Anatomical diagrams from LJS 49, Tashrih-i Mansuri (Mansur’s Anatomy), an anatomy treatise in Persian and Arabic, originally written in 1396, with chapters on bones, nerves, veins, arteries and muscles, and complex organs. Ours is an early copy - a colophon indicates it was completed in the year 813 (1411 in the Gregorian Calendar) - and it is probably an autograph, that is, in the hand of the author himself, Manṣūr ibn Muḥammad ibn Aḥmad. Mansur’s work was based on the anatomical writings of Galen, which had been introduced into the Muslim world by Hunayn ibn Ishaq in the ninth century, and they remained in use until the seventeenth century.

According to the entry for LJS 49 on p. 85 in Transformation of Knowledge: Early Manuscripts from the Collection of Lawrence J. Schoenberg, the illustrations in this manuscript are some of the earliest known representations of the human body in the Islamic world. I’d always thought that Islamic law forbids the representation of the human body in art, so the inclusion of these illustrations in this book is interesting. Here is a blog post that says a bit more about that, in relation to this manuscript:

Manuscript description and digitized images:

Ebook (in epub format):

Video orientation: 

The only men at Hunayn who didn’t disobey Allah and His Messenger:

  1. Ali ibn Abi Talib
  2. Abbas ibn Abdul Muttalib
  3. Fadhl ibn Abbas
  4. Abu Sufyan ibn al-Harith ibn Abdul Muttalib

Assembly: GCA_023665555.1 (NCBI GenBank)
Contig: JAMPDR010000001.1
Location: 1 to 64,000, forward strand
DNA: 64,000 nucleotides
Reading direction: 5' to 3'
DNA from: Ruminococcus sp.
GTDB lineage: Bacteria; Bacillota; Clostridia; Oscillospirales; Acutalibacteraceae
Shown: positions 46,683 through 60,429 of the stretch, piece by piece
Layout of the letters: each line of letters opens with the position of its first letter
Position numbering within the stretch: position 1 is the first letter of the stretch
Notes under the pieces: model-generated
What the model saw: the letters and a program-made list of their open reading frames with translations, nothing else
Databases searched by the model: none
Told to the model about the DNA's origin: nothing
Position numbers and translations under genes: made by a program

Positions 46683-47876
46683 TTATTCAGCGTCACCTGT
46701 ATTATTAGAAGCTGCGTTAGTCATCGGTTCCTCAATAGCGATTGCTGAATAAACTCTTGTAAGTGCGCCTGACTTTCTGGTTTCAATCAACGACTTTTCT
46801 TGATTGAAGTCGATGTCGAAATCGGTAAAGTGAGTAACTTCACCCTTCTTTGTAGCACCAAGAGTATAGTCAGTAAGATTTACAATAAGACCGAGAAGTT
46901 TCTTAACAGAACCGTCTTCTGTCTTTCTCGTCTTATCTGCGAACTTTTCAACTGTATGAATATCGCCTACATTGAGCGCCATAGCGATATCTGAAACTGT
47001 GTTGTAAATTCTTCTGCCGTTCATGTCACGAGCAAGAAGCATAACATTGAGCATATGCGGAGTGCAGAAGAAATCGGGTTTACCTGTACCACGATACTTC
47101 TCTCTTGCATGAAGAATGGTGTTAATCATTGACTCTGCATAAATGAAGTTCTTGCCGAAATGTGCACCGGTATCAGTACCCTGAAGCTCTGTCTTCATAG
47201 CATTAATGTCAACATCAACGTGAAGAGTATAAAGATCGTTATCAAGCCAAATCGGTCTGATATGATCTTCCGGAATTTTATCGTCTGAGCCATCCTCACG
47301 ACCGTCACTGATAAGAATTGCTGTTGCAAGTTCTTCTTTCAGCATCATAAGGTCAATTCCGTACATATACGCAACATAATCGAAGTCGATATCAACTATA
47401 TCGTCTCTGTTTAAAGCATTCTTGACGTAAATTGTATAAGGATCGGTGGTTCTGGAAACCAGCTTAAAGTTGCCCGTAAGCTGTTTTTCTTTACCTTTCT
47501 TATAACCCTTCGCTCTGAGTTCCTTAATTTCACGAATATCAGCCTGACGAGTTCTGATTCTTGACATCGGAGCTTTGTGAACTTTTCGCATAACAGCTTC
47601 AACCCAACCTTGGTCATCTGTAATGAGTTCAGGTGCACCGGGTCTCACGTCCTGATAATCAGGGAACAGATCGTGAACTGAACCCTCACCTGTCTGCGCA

5. Rabi'a ibn al-Harith ibn Abdul Muttalib
  6. Abdullah ibn Masud
  7. Usama ibn Zayd
  8. Ayman ibn Ubaid

Narrated Abu Qatada: We set out in the company of Allah’s Apostle on the day (of the battle) of Hunain. When we faced the enemy, the Muslims retreated and I saw a pagan throwing himself over a Muslim. I turned around and came upon him from behind and hit him on the shoulder with the sword He (i.e. the pagan) came towards me and seized me so violently that I felt as if it were death itself, but death overtook him and he released me. I followed ‘Umar bin Al Khattab and asked (him), “What is wrong with the people (fleeing)?” He replied, “This is the Will of Allah,” After the people returned, the Prophet sat and said, “Anyone who has killed an enemy and has a proof of that, will possess his spoils.” I got up and said, “Who will be a witness for me?” and then sat down. The Prophet again said, “Anyone who has killed an enemy and has proof of that, will possess his spoils.” I (again) got up and said, “Who will be a witness for me?” and sat down. Then the Prophet said the same for the third time. I again got up, and Allah’s Apostle said, “O Abu Qatada! What is your story?” Then I narrated the whole story to him. A man (got up and) said, “O Allah’s Apostle! He is speaking the truth, and the spoils of the killed man are with me. So please compensate him on my behalf.” On that Abu Bakr As-Siddiq said, “No, by Allah, he (i.e. Allah’s Apostle ) will not agree to give you the spoils gained by one of Allah’s Lions who fights on the behalf of Allah and His Apostle.” The Prophet said, “Abu Bakr has spoken the truth.” So, Allah’s Apostle gave the spoils to me. I sold that armor (i.e. the spoils) and with its price I bought a garden at Bani Salima, and this was my first property which I gained after my conversion to Islam.

“Sahih” al-Bukhari Vol. 4, Bk. 53, No, 370:

Shameful, shameful, shameful - 

Who on Earth has the audacity to disobey the Messenger of Allah after the revelation that occurred after Uhud, run away like a coward, and then have the nerve to complain about the spoils of war?